There is a transformation from roof and columns to an integrated sculptural form, merging landscape with the composition of the building in an expression of balance between human activity and the natural world. Construction is due to be completed and the new terminal building fully operational by the close of 2015. Client

Angkasa Pura 2

Completion

End 2015

Project size

380,000m2

The terminal is for Garuda’s expanding international and domestic fleet of aircraft and is a model of efficiency and comfort overlaid with the curation of Indonesia’s unique cultural and environmental experiences for passengers.

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The elliptical skylight, measuring 77m long by 23m wide, is the key component of the forum design. With the forum being a column free space, the skylight is framed on a large primary grid with a lattice of skylight steelwork below the glass. The large louvre blades are designed to provide as much natural light as possible while minimising the amount of direct sunlight that interfaces with retail and food and beverage tenancies, yet also reducing the need for artiďŹ cial lighting in the daytime.â€?


PORTFOLIO PORTFOLIO PROJECT PROJECT EXPERIENCE EXPERIENCE

Sydney International Airport Terminal 1 Sydney, New South Wales Designed by Woodhead, the expansion of the departures level of the International Terminal encompasses a diverse range of activities within a main piazza ‘The Forum’ creating an integrated and dynamic passenger experience. The Forum defines the travel experience as a civic place of dwelling, where travellers can pause and reflect on their journey. The creation of this space evolved into the heart of the terminal, producing a signature place of international quality which captures and embodies the light and spaciousness of Sydney. The International Terminal is a key infrastructure asset for Sydney and handles about 45% of all of Australia’s international passengers. The design form ensures all passengers departing Sydney leave with a positive impression and enjoy a uniquely Australian experience. The upgrade and expansion of the International Terminal 1 involved: − adding 7,300 square metres to the departures level to provide world class passenger facilities including; single focused airside retailing environment featuring a naturally conditioned marketstyle “Forum” for passengers dwell time, − centralised outbound immigration and security control, − single focused landside food-court and retailing environment, − a new outbound and early baggage handling system − additional and upgraded aeronautical facilities including aerobridges, aircraft parking and taxiway improvements to accommodate a wider range of aircraft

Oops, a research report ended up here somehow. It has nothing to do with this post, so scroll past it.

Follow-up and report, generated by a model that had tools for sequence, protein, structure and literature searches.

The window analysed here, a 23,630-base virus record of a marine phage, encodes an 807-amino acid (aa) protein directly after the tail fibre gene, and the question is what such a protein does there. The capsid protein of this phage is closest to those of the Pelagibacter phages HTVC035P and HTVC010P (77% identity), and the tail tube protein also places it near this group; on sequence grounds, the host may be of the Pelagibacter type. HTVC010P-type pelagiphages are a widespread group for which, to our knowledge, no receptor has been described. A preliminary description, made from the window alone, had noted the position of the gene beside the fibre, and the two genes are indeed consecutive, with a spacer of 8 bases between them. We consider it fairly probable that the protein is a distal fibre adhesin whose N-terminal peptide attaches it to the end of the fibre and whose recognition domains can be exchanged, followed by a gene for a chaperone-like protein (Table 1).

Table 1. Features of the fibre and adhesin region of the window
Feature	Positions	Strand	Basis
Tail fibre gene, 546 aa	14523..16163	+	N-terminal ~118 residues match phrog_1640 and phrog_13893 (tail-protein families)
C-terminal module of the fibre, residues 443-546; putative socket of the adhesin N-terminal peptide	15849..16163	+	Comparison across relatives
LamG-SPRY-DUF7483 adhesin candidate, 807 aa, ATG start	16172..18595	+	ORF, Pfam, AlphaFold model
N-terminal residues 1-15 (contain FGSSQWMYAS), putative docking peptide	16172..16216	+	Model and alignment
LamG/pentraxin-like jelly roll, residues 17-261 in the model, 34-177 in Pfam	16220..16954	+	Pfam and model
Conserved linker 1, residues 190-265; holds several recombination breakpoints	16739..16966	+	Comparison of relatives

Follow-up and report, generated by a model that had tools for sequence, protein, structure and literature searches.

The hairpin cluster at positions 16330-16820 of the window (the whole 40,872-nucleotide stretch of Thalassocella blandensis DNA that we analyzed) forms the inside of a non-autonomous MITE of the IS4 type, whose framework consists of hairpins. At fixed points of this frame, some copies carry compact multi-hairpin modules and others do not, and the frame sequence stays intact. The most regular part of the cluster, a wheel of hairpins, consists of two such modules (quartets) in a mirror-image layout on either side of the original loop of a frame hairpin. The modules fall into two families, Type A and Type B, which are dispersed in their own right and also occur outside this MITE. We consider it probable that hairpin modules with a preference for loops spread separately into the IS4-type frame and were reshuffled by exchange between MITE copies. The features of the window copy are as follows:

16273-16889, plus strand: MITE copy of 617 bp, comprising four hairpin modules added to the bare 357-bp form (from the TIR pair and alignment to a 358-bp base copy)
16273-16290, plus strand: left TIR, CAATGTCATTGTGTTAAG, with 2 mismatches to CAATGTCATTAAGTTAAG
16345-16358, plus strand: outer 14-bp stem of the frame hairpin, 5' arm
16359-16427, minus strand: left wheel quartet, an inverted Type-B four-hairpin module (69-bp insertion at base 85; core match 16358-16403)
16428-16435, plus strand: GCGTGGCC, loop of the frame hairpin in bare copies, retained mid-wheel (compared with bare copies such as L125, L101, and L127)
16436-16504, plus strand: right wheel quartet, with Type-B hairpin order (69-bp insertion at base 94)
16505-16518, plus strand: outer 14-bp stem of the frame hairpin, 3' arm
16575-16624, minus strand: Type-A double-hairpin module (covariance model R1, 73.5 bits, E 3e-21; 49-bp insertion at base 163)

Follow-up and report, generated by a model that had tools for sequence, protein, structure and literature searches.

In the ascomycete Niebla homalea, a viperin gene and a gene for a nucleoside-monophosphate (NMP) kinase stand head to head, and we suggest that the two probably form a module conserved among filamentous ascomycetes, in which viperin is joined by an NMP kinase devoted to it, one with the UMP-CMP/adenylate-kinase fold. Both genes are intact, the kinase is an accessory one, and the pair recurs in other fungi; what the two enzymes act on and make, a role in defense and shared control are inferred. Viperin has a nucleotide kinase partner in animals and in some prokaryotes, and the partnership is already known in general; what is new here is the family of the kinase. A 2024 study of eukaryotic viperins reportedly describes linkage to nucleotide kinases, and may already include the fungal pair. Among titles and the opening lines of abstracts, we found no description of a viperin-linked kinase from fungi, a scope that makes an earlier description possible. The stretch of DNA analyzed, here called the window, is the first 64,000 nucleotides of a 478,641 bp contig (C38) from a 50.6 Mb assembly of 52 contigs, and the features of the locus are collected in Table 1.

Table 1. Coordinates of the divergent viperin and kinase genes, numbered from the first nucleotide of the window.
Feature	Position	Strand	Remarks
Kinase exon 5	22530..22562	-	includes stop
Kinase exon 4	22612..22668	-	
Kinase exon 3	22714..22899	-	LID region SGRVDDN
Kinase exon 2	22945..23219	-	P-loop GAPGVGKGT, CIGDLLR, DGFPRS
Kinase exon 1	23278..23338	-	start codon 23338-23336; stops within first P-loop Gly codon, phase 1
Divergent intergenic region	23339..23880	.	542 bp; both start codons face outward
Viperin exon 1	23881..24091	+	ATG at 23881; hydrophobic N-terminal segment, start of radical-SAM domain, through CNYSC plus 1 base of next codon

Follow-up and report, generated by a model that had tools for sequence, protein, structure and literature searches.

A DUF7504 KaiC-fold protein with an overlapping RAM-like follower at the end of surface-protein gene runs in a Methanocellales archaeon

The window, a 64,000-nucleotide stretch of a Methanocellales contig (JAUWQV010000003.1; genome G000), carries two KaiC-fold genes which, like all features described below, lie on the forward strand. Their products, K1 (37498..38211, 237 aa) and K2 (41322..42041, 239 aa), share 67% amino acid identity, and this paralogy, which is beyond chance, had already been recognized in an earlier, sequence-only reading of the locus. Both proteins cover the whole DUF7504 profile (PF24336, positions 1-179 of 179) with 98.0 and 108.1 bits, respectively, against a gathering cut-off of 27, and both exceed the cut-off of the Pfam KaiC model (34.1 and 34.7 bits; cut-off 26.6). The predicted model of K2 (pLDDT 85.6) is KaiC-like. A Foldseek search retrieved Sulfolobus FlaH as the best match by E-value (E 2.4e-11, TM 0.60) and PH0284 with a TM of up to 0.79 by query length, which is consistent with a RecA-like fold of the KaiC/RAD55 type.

− redevelopment of approximately 30,000 square metres of the existing departures level including new seating throughout − an additional 120 metres of moving walkways − improved way-finding signage and upgrades to bathrooms, ceiling and floor finishes. − provision of premium check-in and processing facilities, − increased airline lounge facilities, all designed in line with the parallel programs allowing A380 aircraft provisions. − Environmental initiatives include the use of recycled water for toilet flushing and in cooling towers, and energy efficient displacement air-conditioning in the Forum retail space. Client

Sydney Airport Corporation Limited

Completion

2010

Project value

$450m

Project size

Redevelopment of existing terminal and additional 7,300m2 to the departures level.

Awards

Shortlisted, INSIDE awards, 2011 World Architecture Festival in Barcelona

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We are particularly pleased with the passenger response to the recent launch of the retail development at Terminal 2, with almost 90% of passengers expressing satisfaction in recent surveys and signiďŹ cantly increased quality of service ratings across categories such as the range of food and beverage outlets; the overall appearance and cleanliness of the terminal and the overall terminal experience.â€? Kerrie Mather, CEO Macquarie Airports


PORTFOLIO PORTFOLIO PROJECT PROJECT EXPERIENCE EXPERIENCE

Sydney Airport Terminal 2 Sydney, New South Wales The Sydney Airport Corporation Limited commissioned Woodhead to upgrade the existing Terminal 2 retail facilities, including internal refurbishments and an external expansion of the building envelop.

The airside extension to the building caters for the projected increases in passenger demand. This terminal provides facilities for regional carriers including Virgin Blue, Jetstar and Qantas.

The initial concept was to keep the ceiling free of any services. The new clean ceiling panels also served as acoustic panelling throughout the project.